Government Access to Phone Calling Activity and Related Records: Legal Authorities [May 17, 2006] [open pdf - 85KB]
"Recent media disclosures regarding an alleged National Security Agency (NSA) program designed to collect and analyze information on telephone calling patterns within the United States have raised interest in the means by which the Government may collect such information. The factual information available in the public domain with respect to any such alleged program is limited and in some instances inconsistent, and the application, if at all, of any possibly relevant statutory provisions to any such program is likely to be a very fact specific inquiry. It is possible that any information provided to the NSA from the telephone service providers was provided in response to a request for information, not founded on a statutory basis. If this were the case, such a request would not necessarily be limited by the statutory structures discussed below, but in some instances, depending upon the facts involved, might expose the telephone companies to some civil remedies or criminal sanctions. In addition, a request, not founded upon a statutory scheme, would appear to lack a means of compelling production of the information requested. This would seem to be consistent with the statement in the USA Today article that one of the companies refused to comply with NSA's request for calling detail records, while at least one other company appears to have complied. This report will summarize statutory authorities regarding access by the Government, for either foreign intelligence or law enforcement purposes, to information related to telephone calling patterns or practices. Where pertinent, we will also discuss statutory prohibitions against accessing or disclosing such information, along with relevant exceptions to those prohibitions."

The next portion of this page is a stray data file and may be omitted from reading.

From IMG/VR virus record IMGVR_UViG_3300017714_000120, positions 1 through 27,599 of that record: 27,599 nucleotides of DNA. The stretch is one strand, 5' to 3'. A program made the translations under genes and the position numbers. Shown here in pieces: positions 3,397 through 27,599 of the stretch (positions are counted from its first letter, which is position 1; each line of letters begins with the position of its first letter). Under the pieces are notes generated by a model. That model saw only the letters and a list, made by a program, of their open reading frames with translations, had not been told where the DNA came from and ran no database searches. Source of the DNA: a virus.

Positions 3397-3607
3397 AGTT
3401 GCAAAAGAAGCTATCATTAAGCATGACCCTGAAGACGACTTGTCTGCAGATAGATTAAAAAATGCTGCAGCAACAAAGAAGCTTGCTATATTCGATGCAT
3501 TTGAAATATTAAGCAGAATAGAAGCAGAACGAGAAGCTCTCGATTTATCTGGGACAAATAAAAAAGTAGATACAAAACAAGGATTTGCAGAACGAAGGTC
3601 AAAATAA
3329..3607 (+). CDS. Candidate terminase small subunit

CRS Report for Congress, RL33424
Federation of American Scientists: http://www.fas.org/main/home.jsp